Evolution of a predator-induced, nonlinear reaction norm

Mauricio J. Carter, Martin I. Lind, Stuart R. Dennis, William Hentley, Andrew P. Beckerman

Research output: Contribution to journalArticlepeer-review

16 Citations (Scopus)


Inducible, anti-predator traits are a classic example of phenotypic plasticity. Their evolutionary dynamics depend on their genetic basis, the historical pattern of predation risk that populations have experienced and current selection gradients. When populations experience predators with contrasting hunting strategies and size preferences, theory suggests contrasting micro-evolutionary responses to selection. Daphnia pulex is an ideal species to explore the microevolutionary response of anti-predator traits because they face heterogeneous predation regimes, sometimes experiencing only invertebrate midge predators and other times experiencing vertebrate fish and invertebrate midge predators. We explored plausible patterns of adaptive evolution of a predator-induced morphological reaction norm. We combined estimates of selection gradients that characterize the various habitats that D. pulex experiences with detail on the quantitative genetic architecture of inducible morphological defences. Our data reveal a fine scale description of daphnid defensive reaction norms, and a strong covariance between the sensitivity to cues and the maximum response to cues. By analysing the response of the reaction norm to plausible, predator-specific selection gradients,we showhowin the context of this covariance, micro-evolution may be more uniform than predicted from size-selective predation theory. Our results show how covariance between the sensitivity to cues and the maximum response to cues for morphological defence can shape the evolutionary trajectory of predator-induced defences in D. pulex.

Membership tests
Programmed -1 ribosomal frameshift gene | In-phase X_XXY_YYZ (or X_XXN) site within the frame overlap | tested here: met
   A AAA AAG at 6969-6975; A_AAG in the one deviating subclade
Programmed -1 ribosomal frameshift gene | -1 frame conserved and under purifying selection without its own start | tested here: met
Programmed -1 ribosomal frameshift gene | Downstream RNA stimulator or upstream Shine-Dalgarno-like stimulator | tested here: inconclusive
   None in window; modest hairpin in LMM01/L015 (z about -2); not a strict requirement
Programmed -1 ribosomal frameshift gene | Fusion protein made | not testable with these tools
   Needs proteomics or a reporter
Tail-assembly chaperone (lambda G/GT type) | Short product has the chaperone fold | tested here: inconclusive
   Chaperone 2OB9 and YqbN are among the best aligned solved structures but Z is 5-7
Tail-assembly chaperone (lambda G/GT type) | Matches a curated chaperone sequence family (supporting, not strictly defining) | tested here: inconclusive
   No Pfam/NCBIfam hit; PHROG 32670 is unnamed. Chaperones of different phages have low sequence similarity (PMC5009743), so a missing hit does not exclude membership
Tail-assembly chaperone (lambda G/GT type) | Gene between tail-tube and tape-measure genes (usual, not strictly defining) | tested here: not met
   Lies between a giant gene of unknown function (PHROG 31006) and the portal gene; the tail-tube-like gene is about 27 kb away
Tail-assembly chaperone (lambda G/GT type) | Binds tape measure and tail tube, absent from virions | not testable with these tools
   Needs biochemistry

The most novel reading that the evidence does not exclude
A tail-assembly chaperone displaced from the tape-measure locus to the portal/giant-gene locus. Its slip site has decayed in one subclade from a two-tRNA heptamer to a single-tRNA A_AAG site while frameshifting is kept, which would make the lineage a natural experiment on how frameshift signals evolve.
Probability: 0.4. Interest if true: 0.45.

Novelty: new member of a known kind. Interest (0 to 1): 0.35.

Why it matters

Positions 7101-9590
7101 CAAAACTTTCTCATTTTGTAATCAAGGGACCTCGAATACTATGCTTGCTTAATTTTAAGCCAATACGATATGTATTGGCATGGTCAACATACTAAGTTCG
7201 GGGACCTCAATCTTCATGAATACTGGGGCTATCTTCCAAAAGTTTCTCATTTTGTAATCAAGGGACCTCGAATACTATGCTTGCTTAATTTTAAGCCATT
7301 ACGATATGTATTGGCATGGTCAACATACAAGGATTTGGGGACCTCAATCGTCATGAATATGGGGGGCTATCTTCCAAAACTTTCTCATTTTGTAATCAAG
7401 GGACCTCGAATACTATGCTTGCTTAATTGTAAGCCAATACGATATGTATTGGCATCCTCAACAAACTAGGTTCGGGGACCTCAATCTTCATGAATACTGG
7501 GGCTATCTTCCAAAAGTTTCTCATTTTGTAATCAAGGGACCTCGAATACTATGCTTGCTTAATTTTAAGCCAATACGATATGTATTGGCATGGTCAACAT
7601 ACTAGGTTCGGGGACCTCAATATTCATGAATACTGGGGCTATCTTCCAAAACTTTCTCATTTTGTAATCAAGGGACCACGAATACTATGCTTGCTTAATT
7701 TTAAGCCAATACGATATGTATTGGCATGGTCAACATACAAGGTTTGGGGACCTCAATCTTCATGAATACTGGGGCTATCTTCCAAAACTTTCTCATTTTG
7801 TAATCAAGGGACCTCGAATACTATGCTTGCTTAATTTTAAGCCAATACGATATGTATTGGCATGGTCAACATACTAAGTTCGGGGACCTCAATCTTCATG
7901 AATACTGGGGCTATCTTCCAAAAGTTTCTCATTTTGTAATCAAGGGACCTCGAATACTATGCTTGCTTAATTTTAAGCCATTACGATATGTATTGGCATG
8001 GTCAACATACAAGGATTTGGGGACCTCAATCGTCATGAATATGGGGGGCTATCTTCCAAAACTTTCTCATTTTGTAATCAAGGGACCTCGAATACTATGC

Original languageEnglish
Article number20170859
JournalProceedings of the Royal Society B: Biological Sciences
Issue number1861
Publication statusPublished - 30 Aug 2017


  • Daphnia pulex
  • Evolution
  • Morphological defence
  • Predator-induced plasticity
  • Reaction norm

ASJC Scopus subject areas

  • General Medicine
  • General Immunology and Microbiology
  • General Biochemistry,Genetics and Molecular Biology
  • General Environmental Science
  • General Agricultural and Biological Sciences


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